There has been quite a bit of controversy during the City of Madera council meetings since late last year. Concerns arose when community members started seeing their service fees (such as water) increase, while our administrators appeared to be getting overpaid compared to their counterparts in cities with similar demographics.
The Aug. 15 council meeting turned awkward fairly quickly, which has created division within the community, instead of addressing our serious community dilemmas.
Before each meeting begins, Mayor Andrew Medellin explains, “The first fifteen minutes of the meeting are reserved for members of the public to address the council … speakers shall be limited to three minutes.” Those first 15 minutes are referred to as public comment. Public comment is our right under California Government Code Section 54954.3.
Khalid Chaudhry, a local business owner, approached the podium as Mayor Medellin opened public comment. Our mayor requested to speak before Mr. Chaudhry spoke and proceeded to express his frustration with Mr. Chaudhry’s constant criticism of the mayor, referring to it as false accusations. Our mayor spoke for close to two minutes, while the city attorney attempted to stop the protocol violation multiple times.
The mayor shamed our local newspaper, The Madera Tribune for “continually bringing the city down”, in his point of view, because Mr. Chaudhry gets “front page” often. He ended his speech by telling Mr. Chaudhry to leave the city if he doesn’t like it. Finally, City Attorney Brent Richardson had the opportunity to request that the mayor hold such comments until council report, where it would be appropriate.
Mr. Chaudry was allowed to speak shortly after. He referred to an article the non-profit organization Transparent California wrote in response to the Mayor’s commentary in The Madera Tribune about the salaries in question. The article explained in detail that Madera’s administrative staff is excessively overpaid, which is resulting in over a million dollars’ worth of deficit each year, for over five consecutive years.
Mr. Chaudry then referred to a report made by Government Consultant Ron Manfredi.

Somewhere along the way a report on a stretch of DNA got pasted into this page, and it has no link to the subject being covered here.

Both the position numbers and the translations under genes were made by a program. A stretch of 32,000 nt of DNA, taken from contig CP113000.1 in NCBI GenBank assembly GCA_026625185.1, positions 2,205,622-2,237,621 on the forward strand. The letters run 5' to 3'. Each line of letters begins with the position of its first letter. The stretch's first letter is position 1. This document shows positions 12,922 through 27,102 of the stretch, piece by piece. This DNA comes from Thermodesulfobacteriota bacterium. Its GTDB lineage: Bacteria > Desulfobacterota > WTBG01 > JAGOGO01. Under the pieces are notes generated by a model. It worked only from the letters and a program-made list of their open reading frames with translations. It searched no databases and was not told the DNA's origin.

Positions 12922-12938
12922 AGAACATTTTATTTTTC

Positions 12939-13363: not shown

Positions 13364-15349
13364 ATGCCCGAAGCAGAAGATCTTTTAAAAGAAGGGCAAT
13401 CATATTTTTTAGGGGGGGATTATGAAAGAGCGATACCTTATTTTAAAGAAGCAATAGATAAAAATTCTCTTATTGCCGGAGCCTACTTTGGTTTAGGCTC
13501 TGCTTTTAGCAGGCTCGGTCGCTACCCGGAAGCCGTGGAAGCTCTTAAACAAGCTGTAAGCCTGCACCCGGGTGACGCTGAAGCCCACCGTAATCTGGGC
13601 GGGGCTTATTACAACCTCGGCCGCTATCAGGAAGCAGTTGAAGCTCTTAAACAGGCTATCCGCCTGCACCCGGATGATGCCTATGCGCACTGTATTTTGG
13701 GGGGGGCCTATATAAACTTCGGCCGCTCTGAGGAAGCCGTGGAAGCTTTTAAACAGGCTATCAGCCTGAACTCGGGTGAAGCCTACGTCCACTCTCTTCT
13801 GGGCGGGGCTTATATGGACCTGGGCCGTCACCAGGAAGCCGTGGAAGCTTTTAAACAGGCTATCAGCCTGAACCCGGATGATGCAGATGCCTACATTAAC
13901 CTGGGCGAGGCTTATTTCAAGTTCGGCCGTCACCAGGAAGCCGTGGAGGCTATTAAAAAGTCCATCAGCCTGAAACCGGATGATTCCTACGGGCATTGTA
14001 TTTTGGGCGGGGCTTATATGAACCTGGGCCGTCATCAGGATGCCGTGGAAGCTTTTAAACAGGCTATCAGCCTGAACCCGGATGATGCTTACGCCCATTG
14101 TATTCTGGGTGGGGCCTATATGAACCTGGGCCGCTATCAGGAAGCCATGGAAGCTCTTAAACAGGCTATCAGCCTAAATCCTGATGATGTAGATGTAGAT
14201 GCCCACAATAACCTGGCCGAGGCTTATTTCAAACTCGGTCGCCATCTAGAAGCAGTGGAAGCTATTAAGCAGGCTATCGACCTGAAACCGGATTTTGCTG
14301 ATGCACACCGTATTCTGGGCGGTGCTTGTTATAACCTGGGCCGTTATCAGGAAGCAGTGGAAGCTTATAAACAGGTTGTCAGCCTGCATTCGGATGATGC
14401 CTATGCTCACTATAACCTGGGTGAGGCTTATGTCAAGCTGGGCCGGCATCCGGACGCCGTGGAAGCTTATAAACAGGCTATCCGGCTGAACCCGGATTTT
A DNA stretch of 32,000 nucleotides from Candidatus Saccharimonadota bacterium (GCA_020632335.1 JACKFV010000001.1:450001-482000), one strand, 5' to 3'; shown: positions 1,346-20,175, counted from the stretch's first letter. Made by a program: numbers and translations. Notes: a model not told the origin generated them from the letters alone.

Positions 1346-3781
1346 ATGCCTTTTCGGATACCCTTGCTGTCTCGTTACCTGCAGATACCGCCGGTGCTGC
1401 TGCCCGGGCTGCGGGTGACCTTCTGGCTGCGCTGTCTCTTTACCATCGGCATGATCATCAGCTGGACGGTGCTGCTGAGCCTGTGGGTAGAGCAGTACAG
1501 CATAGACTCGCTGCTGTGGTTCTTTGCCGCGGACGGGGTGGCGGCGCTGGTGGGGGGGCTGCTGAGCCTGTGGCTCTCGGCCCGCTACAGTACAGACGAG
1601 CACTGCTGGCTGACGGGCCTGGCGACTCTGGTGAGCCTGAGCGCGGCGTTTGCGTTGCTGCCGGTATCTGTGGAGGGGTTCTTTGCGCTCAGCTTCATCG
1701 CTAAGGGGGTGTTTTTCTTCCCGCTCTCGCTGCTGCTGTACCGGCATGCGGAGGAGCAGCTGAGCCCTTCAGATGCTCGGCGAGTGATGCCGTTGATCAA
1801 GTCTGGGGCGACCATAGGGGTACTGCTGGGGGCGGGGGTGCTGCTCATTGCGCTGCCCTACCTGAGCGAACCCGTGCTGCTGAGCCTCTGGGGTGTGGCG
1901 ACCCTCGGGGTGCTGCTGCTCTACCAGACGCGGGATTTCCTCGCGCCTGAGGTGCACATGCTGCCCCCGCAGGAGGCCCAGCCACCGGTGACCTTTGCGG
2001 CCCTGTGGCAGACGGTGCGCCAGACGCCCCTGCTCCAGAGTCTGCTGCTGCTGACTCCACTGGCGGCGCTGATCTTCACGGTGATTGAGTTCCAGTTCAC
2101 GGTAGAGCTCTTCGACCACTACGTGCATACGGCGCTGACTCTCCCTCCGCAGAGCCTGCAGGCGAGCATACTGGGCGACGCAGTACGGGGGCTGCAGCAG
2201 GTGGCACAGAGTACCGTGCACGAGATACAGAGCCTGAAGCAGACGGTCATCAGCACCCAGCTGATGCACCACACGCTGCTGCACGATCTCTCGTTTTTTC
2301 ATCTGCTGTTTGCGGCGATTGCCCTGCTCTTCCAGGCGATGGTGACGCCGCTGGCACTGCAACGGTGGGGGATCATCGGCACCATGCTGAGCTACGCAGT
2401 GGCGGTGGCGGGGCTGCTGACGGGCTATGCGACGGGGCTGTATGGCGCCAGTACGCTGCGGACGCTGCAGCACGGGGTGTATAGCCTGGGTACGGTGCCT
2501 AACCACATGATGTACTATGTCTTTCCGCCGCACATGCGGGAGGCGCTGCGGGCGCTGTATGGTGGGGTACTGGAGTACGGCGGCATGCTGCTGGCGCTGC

Mr. Manfredi was hired by the city to conduct a survey on our administrator’s pay after Transparent California responded to our Mayor’s commentary. He reported that our administrators are indeed overpaid, which is contributing to our projected deficit, and that Madera City Council is not being transparent about the salaries.
Our mayor interrupted Mr. Chaudry’s public comment a few times. At one point, our mayor advised that Mr. Chaudry should address his problems with staff to the city manager, presumably not to the council, which in theory oversees the administrative staff. Our mayor terminated Mr. Chaudry’s right to public comment by advising that the three minutes were up, when Mr. Chaudry had spoken for about 2.25 minutes, which included the interruptions by the mayor.
Community members shared the video of the public comment online via Facebook.
Immediately, people began taking sides. Some people applauded our mayor, while others appeared shocked in disbelief. Even council members William Oliver, Charles Rigby, and Derek Robinson participated in the division by positively reacting to the video instead of helping address or clarify the issues and situation.
Our city is projected to have a $1.3 million deficit for the 2018-2019 budget. We are a very low-income and highly disadvantaged community, possibly among the poorest in our Central Valley. Madera was recently named the 14th worst city nationwide, and No. 1 in California, to raise children by USA Today. Meanwhile, our mayor is inviting someone to leave our city for commenting about the deficit. We literally cannot afford to lose focus on the serious problems Madera has.
I completely understand that being a public servant is not an easy job, yet all seven of our council members were entrusted to hold our community’s best interest in mind while making hard decisions on our behalf. I’m disappointed that instead of holding a higher standard of professionalism as our representatives, consciously or unconsciously, more than half of our council members have contributed to the division of our community.
I hope our elected officials follow the law governing public hearings and use the meeting wisely to address the budget deficit. All Maderans should consider following local politics. The projected deficit will affect each one of us, regardless of which side of the tracks we live on. The good news is that this year’s November elections will be historic for Madera. It is the first time that all three Council members who are up for re-election are opposed. Get to know the hopeful candidates and vote this November.
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Johanna Torres was reared in Madera, and has lived in the city her entire life. She continues to live and now serve Madera as a public servant through her advocacy work under the local legal aid office. She is co-founder of the local group Madera Votes (MV). MV encourages civic engagement and registers people to vote. Learn more about MV by liking their Facebook page.